Safety Training and Safety Procedures: How Stress Impacts Worker Safety
Every April 28th is the World Day For Safety and Health at Work. This year’s topic chosen by the International Labour Organization to commemorate this day was ‘Workplace stress: a collective challenge’. The ILO’s choice wasn’t perchance: increasingly, studies are showing that stress is the ‘hidden killer’ in workplaces across the globe. The effects of stress on a person’s health are well-known, being a causal or contributing factor to everything from cardio-vascular diseases and various cancers to hypertension and a host of other diseases. But what of the impacts of stress on occupational safety?
Most obviously, stress can often make a person distracted or unable to concentrate on a given task, which will clearly have a negative effect on how safely a person works. This can often lead to that leading direct cause of accidents and incidents – human error. Dr. Michael Spiegel, the medical director of the Stanford Center on Stress and Health, believes that safety professionals can play a crucial role in how workers cope with stress. By doing so, they can actually prevent incidents from occurring. He states how, “It’s very clear that a big proportion of safety problems are due to human error, and some of that is related to stress…Life is full of stress. If you’re not stressed, you’re dead. But the thing about handling stress well is being able to appraise it, react to it appropriately and put it behind you.”
But being unable to address stress in the workplace is inhibiting. And as any safety professional knows, inhibition in the workplace is not conducive to working safely. If stress is potentially so dangerous in the workplace, why is it still perceived to be an ‘embarrassment’ for so many in the workplace? It continues to be seen by (too) many in management as a ‘personal thing,’ almost a ‘luxury’ that is somehow tantamount to being unprofessional. And if a worker has to keep hiding their stress at work what are the chances that their stress levels may impact on their ability to work safely? Does one need studies to assess the obvious?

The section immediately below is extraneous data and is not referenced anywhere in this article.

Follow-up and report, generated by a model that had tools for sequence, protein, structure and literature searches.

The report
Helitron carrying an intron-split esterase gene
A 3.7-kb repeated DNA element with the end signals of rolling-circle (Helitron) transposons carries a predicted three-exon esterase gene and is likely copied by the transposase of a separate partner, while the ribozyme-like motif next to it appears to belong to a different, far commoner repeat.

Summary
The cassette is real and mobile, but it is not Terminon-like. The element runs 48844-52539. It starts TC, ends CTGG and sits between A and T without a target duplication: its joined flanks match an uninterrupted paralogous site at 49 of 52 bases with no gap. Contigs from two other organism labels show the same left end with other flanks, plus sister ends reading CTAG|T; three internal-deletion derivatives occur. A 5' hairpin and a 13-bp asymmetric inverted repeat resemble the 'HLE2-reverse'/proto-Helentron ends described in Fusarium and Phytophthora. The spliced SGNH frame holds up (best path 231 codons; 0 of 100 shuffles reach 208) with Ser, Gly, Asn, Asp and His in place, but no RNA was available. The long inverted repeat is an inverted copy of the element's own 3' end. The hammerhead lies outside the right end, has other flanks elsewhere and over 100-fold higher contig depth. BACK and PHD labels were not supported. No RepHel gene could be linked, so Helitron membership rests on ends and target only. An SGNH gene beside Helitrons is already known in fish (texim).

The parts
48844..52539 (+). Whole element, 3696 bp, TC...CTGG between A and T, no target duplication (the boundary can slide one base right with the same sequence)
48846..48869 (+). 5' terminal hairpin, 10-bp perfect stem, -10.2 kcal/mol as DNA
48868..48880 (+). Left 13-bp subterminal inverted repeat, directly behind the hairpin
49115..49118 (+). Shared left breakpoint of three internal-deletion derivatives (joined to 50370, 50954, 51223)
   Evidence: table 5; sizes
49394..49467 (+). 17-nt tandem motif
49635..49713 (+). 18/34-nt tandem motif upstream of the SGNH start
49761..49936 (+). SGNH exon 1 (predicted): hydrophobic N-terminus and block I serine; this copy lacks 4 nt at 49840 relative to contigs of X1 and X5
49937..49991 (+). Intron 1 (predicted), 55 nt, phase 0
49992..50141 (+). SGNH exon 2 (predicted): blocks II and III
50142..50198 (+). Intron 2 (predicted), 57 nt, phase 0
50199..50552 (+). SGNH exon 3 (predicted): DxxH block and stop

Mind, a UK mental health organization, speaks of the “stress taboo” in workplaces, and had this to say in an October 2013 report: “New statistics from Mind released today suggest that stressed workers are suffering in silence and employers aren’t doing enough to tackle stress. 45 per cent of workers polled by the charity said that staff are expected to cope without mentioning stress at work and a third (31 per cent) said that they would not be able to talk openly to their line manager if they felt stressed.” Would findings be much different in the U.S? And is that anything to be proud of in any society? To what end this inability to address stress openly and proactively in the workplace? It surely doesn’t make any worker safer.
Stress is not the exclusive domain of the occupational health practitioner or company nurse. Nor will referrals to psychologists by the company’s wellness or employee assistance program suffice. No, the issue of stress, in all its complexities and enormities, must be considered by any and all safety/EHS professionals. It is not merely a mental health issue – it is a worker wellness issue with immense adverse potential with regard to occupational safety. Stress is as pertinent to safety as it is health. Any safety professional that believes or acts otherwise does not understand the full magnitude of stress in the workplace – and is doing their safety management system a huge disservice.